Something that is a significant part of heaven, and that we are able to experience right now, is praise, or worship, and, perhaps in a more inclusive fashion, celebration.
The reality is that all of us are made to worship. We are made to praise. We are made to celebrate. And we do; we all do. We all worship lots of different things. We all praise lots of different things. We all celebrate lots of different things. We do it all the time and in various ways. We do it at sporting events, at concerts, at significant life events, and in the theater. We are inundated with a culture that praises and worships celebrity and personality cult.
You want to see worship? Go to a Final Four basketball game or a rock concert. You see people involved with their whole hearts, bodies, and souls. And tragically, many of those people put us, who are disciples of the King of kings, to shame.
Of course, when we worship God, we shouldn’t be throwing our seat cushions in the air as they do at a Final Four game. But there is something we can learn from our experiences in the world. When we come to worship the King of kings, the Creator of heaven and earth, the One who has given us hope, who has conquered death, who has forgiven all our sins, we think we should somehow be straitjacketed and put in a box. That is a very unbiblical way of thinking!
What Is Prayer?
The goal of prayer is not silence but communication. What if you and I are trying to talk, and I’m watching something on TV at the same time? You say, “Hey, are you listening to me?” I reply, “Yes.” And you say, “No, you’re not. You’re watching the TV. Turn it off.” I have to silence the other voices in order to be able to get into a dialogue with you. And that is the goal in prayer: to get into a dialogue with God, not to be still or to somehow become one with eternal nothingness. The goal is to hear the voice of God and be able to speak to him about whatever it is that’s going on in our lives.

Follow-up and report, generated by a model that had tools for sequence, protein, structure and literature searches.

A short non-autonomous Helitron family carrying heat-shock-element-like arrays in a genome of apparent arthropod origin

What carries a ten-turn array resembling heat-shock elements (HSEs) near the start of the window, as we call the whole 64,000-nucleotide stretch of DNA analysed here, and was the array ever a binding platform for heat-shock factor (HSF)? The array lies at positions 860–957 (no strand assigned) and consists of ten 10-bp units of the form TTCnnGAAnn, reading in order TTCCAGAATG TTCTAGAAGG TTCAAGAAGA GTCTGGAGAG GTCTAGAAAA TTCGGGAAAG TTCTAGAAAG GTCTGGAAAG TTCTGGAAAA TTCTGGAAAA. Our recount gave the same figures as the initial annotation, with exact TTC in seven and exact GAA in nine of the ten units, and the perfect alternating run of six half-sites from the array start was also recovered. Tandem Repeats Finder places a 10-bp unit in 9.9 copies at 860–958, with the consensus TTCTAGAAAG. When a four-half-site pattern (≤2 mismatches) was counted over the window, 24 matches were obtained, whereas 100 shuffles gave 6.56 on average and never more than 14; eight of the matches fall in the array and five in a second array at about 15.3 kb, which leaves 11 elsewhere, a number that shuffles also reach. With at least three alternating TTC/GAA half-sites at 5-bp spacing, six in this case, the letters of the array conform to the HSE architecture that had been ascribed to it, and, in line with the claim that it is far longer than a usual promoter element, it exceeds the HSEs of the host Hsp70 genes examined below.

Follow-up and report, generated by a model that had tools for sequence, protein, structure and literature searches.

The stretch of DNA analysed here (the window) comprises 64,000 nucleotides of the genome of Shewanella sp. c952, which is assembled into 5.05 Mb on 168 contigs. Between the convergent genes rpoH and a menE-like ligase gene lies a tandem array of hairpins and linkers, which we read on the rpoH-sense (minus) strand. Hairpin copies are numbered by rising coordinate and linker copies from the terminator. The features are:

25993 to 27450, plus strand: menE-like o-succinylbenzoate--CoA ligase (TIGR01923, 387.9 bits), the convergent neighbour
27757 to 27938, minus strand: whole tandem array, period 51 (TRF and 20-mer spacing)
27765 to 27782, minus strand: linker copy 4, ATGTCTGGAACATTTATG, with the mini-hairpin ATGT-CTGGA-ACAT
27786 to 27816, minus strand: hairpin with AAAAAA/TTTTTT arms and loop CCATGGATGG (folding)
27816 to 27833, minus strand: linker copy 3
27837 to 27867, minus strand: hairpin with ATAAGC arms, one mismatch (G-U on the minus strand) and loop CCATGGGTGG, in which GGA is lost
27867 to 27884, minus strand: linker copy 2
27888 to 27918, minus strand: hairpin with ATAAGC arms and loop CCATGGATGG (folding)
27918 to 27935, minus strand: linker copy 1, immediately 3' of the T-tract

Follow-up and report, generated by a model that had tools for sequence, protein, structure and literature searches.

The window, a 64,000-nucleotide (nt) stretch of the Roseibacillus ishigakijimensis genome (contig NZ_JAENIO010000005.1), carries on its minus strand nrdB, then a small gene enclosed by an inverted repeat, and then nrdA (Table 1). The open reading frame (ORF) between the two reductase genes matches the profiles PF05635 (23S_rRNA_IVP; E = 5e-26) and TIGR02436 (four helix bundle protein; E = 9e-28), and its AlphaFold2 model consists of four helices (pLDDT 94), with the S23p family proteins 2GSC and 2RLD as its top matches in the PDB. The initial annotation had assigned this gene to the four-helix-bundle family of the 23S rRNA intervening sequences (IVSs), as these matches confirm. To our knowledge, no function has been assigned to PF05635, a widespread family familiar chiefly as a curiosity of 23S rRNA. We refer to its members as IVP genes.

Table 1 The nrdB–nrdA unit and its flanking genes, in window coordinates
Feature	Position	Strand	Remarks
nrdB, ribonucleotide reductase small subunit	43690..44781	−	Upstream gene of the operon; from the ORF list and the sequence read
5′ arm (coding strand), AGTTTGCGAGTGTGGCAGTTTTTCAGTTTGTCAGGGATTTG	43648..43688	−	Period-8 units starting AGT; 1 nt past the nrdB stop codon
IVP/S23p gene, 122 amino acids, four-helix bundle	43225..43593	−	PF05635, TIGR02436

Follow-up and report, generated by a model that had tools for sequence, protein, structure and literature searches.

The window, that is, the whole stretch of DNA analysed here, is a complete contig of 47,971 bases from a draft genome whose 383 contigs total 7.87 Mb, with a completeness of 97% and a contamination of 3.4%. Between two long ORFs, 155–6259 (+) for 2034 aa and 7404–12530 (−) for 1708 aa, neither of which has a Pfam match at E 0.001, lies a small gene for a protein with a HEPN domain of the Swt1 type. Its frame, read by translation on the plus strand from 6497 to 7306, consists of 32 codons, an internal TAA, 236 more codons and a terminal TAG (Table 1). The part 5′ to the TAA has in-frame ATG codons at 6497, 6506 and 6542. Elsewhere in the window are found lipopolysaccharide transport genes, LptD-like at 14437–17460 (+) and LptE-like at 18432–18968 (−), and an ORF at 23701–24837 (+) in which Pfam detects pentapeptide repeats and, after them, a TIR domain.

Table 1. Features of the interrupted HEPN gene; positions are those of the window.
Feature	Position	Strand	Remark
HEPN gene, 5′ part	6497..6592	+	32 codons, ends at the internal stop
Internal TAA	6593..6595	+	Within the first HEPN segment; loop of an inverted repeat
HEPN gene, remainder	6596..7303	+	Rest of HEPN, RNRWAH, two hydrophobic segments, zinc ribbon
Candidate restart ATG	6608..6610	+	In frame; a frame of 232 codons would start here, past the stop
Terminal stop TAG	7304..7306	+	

Prayer is not just saying words or saying prayers but praying. There’s nothing wrong with saying prayers, but the difference between saying prayers and praying is that when I’m praying, my heart is involved. It is so easy to just say prayers and have my heart be a million miles away.
Here are five ways to pray:
Thanksgiving. We thank God for what he’s done for us.
Intercession. We lift up to God all the petitions we have—for ourselves, for those we love, and for the world. We should even be praying for our political leaders, which is something that Scripture exhorts us to do. A lot of us complain about political leaders, but how many of us pray daily for them?
Repentance. This should be a daily part of my prayer. Coming before the Lord, we say, “Lord, I’m sorry for what I’ve done, for what I’ve thought, for what I’ve said, for what I haven’t done and said.”